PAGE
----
Brought to you by
logo
In our network
logo logo logo

MIPIM: Returns are lower but appetite for RE just as strong

Returns will be lower this year but investors’ appetite for real estate is just as strong, delegates heard at Real Asset Media’s Global Capital Flows & Winning Cities briefing, which took place at MIPIM in Cannes.

“2021 was a record year in terms of returns in Europe and in the US as the market was in recovery mode from the pandemic”, said Simone Pozzato, Managing Director and Fund Manager, Investment Management, Hines.

“Investors keep piling into real estate because it keeps doing well. 2022 will be a year of transition and returns will return to normal”.

Simone Pozzato, Managing Director and Fund Manager, Investment Management, Hines

Normality is still good, as European markets are still seen as attractive by international investors.“There’s plenty of dry powder available to be invested in Europe”, said Pertti Vanhanen, Managing Director Europe, Cromwell Property Group.

“Equity and financing are available and there’s a strong appetite for real estate, but investors are concerned about the implications of the war in Ukraine”.

Institutional investors have to point the way, also on the social aspect of investments which is often overlooked.

“We’re helping our people in the countries bordering Ukraine, giving them one paid day off a week so they can help refugees”, said Vanhanen.

They also have to take the lead on sustainability, which is now a demand from investors as well as tenants and regulators.“ESG should be as natural as breathing and walking for real estate professionals”, said Vanhanen.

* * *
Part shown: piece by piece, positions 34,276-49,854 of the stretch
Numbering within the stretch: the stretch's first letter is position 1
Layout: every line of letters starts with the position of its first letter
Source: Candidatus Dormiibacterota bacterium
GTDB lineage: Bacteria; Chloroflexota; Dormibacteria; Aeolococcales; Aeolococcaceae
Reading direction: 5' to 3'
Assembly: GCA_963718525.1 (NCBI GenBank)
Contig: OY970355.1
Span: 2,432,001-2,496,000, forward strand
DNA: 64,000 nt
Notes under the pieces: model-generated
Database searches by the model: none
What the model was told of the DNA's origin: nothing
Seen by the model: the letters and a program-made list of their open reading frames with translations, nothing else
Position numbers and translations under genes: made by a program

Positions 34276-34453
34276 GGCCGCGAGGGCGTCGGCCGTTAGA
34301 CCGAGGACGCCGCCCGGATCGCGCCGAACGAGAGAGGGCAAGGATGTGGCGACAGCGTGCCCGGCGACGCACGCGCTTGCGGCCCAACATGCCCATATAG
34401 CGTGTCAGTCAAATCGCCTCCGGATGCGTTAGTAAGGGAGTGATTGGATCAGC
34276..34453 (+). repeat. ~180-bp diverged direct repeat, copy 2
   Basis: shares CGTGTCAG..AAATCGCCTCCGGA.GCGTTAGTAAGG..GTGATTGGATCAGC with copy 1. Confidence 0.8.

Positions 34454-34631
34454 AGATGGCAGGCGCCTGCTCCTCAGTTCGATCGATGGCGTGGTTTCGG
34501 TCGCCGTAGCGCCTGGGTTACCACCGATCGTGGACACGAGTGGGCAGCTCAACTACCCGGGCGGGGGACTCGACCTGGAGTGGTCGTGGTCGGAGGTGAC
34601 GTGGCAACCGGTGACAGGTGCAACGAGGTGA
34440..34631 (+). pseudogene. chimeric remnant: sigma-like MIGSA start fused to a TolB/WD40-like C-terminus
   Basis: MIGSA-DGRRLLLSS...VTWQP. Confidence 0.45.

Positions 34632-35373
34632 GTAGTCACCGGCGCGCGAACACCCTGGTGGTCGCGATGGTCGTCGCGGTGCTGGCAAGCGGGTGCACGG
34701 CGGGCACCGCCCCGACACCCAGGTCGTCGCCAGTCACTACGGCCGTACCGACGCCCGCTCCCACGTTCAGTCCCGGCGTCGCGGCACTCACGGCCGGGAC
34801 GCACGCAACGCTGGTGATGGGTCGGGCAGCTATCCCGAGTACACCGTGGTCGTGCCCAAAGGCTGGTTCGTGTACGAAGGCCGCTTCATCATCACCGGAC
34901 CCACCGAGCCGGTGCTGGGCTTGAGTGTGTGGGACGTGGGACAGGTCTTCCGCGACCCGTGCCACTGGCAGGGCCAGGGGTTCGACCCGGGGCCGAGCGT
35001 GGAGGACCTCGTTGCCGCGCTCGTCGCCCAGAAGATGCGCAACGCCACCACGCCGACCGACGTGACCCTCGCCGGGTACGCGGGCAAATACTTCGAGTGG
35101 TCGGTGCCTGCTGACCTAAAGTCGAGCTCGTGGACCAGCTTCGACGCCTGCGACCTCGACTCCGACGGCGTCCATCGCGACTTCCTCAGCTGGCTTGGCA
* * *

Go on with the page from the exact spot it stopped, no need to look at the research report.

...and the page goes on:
“We need to do so much more than just putting solar panels on the roof”.

Sustainability is no longer just a box-ticking exercise, but it is increasingly linked to financial performance, as it is virtually impossible to sell a non-compliant asset.

Compliance is not just the right thing but it also makes sense, said Pozzato: “Debt and insurance are cheaper if you have a sustainable strategy, operational costs are lower and then there’s the issue of liquidity and an exit strategy, so every aspect of investment is covered”.

EU regulations are ahead, so European investors are going to the US, asking for ESG certifications and forcing that market to adapt, he said.

There’s a divide in capital flows, with European investors targeting their Continent and North America, while Middle Eastern capital is pouring into high-growth countries like Egypt.“We see record levels of capital coming from the Gulf countries, with Abu Dhabi investing $400 million in Q4 2021 alone”, said Ahmed Shalaby, President & CEO, Tatweer. “Egypt offers many opportunities in different sectors, as dozens of cities are being developed all over the country. There’s also a growing awareness of sustainability and even private developers like us are adapting to the new trend and integrating all the positive aspects of place-making.

Author: